These Indigenous artists say there’s more to life than being ‘left on the reserve’

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Montana Summers hasn’t been dancing all that long, but he’s ready to play to a packed 9,000-seat venue — in front of one of his favourite childhood pop stars.

Summers, 19, has been tapped to perform alongside a handful of young dancers at the July 16 opening ceremony for the North American Indigenous Games in Toronto.

Summers only noticed his dancing chops about four years ago, but now he’s busy rehearsing for the show, headlined by Indigenous rapper Taboo of the Black Eyed Peas.

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Montana Summers wants to tell the world about Oneida and Haudenosaunee tradition. (Supplied by Montana Summers)

“It’s great to see Taboo doing that, giving us hope within the arts,” Summers told CBC Toronto.

“You see some people who get off the reserve, and it’s rare for them to come back and inspire their communities.”

‘There’s a whole world out there for you’

Summers himself wants the same.

“I hope I inspire the next generation to see that there’s more to it, more to the world, than being left on the reserve,” he said. “Thinking that this is the only place to be, when there’s a whole world out there for you.

“You see a lot of kids who turn down the wrong path because they feel like there’s no way out from the reserve.

“But when you have some outlets like this, and you have these opportunities, you really do give that hope to our people.”

For Summers, dance is reconciliation in action.

“It builds a bridge for everyone else to see our side of the story,” he said.

“We use modern and traditional teachings to say to the world, ‘we want to look for a better future with you guys.’ We want to send a message to say, ‘we’re capable of doing the things you are.'”

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Montana Summers says an upcoming Indigenous Games performance is a chance to show First Nations youth that they’re not defined by negative stereotypes. (Supplied by Montana Summers)

Not all of next month’s performers are relatively new to the skill.

Karahkwiiohstha Feryn King, 23, has been performing the Smoke Dance since she could walk.

The Iroquois tradition is “the fastest two-legged dance ever,” she laughs.

Today, she’s expanded her arsenal: there’s the Fancy Shawl, a women-only dance that’s a “beautiful thing to see,” she said.

It’s often played out as a coming-of-age dance, symbolizing the growth into childhood through the form of a bird, or a cocoon that turns into a butterfly.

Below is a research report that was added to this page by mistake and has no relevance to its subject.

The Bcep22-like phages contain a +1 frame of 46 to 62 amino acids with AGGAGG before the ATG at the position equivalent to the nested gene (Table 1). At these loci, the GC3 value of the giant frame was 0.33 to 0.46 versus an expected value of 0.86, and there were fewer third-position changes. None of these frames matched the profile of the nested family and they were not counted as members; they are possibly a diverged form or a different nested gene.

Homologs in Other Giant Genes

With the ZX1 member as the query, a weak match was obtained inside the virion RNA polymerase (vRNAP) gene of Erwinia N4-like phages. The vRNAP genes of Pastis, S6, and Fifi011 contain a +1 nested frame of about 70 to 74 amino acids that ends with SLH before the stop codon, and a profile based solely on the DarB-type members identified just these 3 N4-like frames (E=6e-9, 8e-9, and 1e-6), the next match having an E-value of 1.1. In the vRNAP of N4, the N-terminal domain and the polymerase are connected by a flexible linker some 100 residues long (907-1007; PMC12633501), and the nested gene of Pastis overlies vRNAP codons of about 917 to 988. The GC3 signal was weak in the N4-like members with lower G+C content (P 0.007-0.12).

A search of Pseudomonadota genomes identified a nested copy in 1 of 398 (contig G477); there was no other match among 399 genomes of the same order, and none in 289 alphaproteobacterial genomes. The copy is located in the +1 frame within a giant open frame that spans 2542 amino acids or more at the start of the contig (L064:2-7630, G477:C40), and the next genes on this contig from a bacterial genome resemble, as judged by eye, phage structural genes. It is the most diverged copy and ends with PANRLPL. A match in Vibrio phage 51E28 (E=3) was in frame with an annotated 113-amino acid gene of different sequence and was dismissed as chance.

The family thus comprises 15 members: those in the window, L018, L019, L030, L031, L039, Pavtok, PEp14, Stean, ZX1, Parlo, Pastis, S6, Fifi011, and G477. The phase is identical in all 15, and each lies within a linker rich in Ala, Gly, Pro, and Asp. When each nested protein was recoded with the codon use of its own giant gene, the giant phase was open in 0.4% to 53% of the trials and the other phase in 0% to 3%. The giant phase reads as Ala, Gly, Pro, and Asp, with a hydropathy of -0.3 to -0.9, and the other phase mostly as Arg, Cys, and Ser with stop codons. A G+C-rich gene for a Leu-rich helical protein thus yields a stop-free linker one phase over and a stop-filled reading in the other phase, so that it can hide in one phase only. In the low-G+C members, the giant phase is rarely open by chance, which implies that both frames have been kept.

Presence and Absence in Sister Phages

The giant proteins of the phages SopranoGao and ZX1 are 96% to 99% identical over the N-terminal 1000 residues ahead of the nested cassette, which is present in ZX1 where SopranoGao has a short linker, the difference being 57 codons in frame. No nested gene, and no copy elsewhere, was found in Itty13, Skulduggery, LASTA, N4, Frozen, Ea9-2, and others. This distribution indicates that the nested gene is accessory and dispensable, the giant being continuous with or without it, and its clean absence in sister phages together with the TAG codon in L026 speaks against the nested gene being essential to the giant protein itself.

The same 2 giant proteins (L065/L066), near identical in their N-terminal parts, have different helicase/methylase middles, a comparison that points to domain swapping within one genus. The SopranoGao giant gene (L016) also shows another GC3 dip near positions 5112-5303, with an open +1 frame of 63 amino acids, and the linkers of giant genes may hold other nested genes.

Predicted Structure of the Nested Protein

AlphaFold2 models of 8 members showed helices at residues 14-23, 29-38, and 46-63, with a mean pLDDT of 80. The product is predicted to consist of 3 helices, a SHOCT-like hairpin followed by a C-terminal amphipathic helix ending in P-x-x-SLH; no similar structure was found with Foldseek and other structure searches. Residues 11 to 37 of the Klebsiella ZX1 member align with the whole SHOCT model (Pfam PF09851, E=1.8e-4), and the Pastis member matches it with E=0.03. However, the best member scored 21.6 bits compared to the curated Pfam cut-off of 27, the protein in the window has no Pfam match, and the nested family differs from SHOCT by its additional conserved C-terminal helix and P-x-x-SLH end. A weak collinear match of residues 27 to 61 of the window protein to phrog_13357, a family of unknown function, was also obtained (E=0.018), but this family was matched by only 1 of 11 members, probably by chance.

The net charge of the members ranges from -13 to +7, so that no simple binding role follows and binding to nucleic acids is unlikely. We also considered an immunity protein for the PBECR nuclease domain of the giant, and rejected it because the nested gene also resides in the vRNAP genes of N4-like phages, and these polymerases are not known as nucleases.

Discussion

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Karahkwiiohstha King, who also goes by Feryn, teaches and performs traditional Mohawk dance. She says it’s rare she gets a chance to perform for thousands of people. (Supplied by Karahkwiiohstha King)

King, who competed in the 2010 Games in volleyball, is slated to join Summers and Taboo on stage where she’ll be performing a traditional hoop dance.

“We don’t call it a hula hoop,” she says of the dance’s main prop, a plastic or wooden hoop that symbolizes concepts like the eagle, canoe, earth, or human.

Taken together, the hoops create a narrative — a creation story, perhaps, or an improvised expression of the dancer’s own making.

King explains that the hoop dance is a bit of a process.

“Each dancer creates their own hoops, no one could really do it for you,” she says. “The hoop is yours and yours only, unless you pass it down to the next generation who want to keep the dance alive.”

King compares the preparation to mixing medicine.

“We’re putting our own energy into the hoops,” she says. “Whatever we create, we treat it as if it were another human. It becomes a part of us.”

‘I usually don’t get opportunities like this’

Taboo joins other big names performing at the Aviva Centre, including Inuit throat singer Tanya Tagaq, Juno-winning folk band Digging Roots and DJ Shub, formerly of A Tribe Called Red.

A viewing party will be held outside the stadium, with tickets available to the public.

“I’m really honoured to be in the opening ceremony,” King said. “I’m from a reservation, you know? I usually don’t get opportunities like this.

“It’s become an important thing in my life. I just hope it takes me somewhere one day.”

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These Indigenous artists say there’s more to life than being ‘left on the reserve’

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